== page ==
Tuesday, May 13, 2008

Target to spin

Among my recent tribulations with the health service has been two appointments to the eye clinic at our local hospital, Addenbrookes.

Each time I've gone they've given me an eye test, you know the sort, big letters at the top, getting smaller each line down. Not just me, absolutely everybody who comes into the department for an appointment gets an eye test, no matter what their ailment.

Now, the fact is, my eye sight is not impaired and I was not at the hospital for anything to do with my sight - my eye related difficulties are of another nature. This makes the test superfluous, but you don't complain do you? We all just allow ourselves to be led off and tested - our results marked down for posterity on the all important clipboard.

When they tested my eyes the second time I did start thinking, "This is a bit of a waste of your time and mine isn't it? You know what my sight is like already." I mean it's great to have someone pay attention to you just minutes after arriving, but seeing as it took me another two and half hours to get eventually seen for my five minute appointment, well it's frustrating and silly.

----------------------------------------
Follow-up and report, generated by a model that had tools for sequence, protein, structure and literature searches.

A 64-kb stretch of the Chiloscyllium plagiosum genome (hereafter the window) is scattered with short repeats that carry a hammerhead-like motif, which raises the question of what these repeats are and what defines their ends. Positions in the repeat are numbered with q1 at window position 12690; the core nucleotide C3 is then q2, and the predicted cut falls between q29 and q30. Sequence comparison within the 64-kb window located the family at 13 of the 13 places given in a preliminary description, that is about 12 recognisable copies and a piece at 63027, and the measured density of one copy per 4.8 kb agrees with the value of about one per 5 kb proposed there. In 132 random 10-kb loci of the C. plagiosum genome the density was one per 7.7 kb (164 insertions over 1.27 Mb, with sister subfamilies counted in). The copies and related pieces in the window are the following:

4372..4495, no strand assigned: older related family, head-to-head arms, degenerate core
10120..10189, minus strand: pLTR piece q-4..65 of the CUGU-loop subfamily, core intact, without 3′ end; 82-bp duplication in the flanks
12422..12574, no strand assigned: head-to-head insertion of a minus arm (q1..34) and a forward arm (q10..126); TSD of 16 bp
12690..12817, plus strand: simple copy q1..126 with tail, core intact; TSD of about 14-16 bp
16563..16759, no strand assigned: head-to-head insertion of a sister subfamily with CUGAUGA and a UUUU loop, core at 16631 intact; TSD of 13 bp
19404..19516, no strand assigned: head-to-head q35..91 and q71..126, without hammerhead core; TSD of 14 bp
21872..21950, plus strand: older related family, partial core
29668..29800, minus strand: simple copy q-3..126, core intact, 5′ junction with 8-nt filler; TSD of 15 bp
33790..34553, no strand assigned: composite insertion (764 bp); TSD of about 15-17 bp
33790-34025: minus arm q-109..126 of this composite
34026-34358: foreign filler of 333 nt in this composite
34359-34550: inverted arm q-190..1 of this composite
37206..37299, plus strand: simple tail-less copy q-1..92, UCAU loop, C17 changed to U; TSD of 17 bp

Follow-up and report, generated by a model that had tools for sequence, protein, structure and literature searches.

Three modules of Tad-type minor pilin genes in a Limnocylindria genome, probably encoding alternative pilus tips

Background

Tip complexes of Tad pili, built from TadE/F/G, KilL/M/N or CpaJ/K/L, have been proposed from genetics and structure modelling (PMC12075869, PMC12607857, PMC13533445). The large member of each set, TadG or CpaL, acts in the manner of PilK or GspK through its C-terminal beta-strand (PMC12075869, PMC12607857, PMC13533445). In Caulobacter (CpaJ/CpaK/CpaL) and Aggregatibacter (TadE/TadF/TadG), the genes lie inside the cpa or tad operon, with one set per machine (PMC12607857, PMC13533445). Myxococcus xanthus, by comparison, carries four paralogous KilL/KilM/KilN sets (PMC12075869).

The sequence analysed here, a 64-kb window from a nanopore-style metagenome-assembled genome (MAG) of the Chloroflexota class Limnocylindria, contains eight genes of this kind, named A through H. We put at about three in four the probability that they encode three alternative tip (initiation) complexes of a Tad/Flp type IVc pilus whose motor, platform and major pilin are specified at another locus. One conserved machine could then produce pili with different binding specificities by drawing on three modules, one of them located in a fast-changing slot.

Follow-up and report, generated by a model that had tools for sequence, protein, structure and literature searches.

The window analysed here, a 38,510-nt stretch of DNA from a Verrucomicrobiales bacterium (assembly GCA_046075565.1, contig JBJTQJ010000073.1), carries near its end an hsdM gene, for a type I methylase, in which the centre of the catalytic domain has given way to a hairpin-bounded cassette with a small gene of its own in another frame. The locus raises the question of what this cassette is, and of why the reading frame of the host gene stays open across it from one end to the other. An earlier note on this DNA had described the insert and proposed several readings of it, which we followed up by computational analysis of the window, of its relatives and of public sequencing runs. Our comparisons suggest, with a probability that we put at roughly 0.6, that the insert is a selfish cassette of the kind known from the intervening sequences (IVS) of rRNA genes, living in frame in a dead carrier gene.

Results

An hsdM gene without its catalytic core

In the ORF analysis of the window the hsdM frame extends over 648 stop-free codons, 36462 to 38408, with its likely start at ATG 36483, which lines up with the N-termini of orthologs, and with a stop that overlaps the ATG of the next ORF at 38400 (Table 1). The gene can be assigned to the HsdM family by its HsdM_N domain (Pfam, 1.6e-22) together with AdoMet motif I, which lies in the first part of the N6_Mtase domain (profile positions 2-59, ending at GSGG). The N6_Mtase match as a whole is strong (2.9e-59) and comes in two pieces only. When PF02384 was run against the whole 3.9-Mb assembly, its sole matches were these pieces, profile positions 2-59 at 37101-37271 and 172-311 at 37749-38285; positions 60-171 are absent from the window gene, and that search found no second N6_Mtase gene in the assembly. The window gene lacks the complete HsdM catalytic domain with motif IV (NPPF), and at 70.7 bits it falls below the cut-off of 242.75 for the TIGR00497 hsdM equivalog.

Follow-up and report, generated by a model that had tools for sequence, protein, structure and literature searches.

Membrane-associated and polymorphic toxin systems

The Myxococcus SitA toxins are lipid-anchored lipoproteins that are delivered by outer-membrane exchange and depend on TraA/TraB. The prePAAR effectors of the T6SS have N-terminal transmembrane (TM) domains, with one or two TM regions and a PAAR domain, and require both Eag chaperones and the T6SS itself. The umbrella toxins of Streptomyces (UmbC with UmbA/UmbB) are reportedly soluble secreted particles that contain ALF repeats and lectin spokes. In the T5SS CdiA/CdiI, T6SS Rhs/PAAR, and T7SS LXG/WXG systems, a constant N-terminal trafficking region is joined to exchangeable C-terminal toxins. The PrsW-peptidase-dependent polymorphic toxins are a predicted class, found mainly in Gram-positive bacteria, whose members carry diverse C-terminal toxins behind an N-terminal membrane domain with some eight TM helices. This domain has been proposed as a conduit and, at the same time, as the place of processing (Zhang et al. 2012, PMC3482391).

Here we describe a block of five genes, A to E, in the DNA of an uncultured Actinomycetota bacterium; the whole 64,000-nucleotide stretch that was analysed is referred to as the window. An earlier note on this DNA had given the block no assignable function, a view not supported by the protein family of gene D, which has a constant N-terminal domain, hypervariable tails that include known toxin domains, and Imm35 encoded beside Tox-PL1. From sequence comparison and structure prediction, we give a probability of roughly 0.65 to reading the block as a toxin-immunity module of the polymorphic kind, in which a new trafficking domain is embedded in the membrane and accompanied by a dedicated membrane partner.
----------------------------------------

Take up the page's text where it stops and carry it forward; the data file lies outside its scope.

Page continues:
It was then that it hit me. Every time I go I get seen within ten minutes - even though my stay actually consists of literally hours of waiting about in a joyless waiting area. Forget the fact that I'm seen for a totally unnecessary test whose results are not even looked at by my specialist - I have been seen.

Target met.

My two and a half hours goes on the records as ten minutes - magic - and they actually employ someone to do this instead of something useful. Another great New Labour way of using important resources on pointless statistic-distorting tasks.

2 comments:

Dan Ashton said...

As someone who sat in a hospital waiting room for four painful hours after a 30 second, useless "consultation" straight after I hobbled into the A&E on a broken ankle (never saw that doctor again) I feel your pain.

Tim said...

Ah don't you love those free market principles in the public sector! Never underestimate the creativity of the human mind when faced with a problem. Of course the problem has been ridiculously defined in this case, but it has been solved.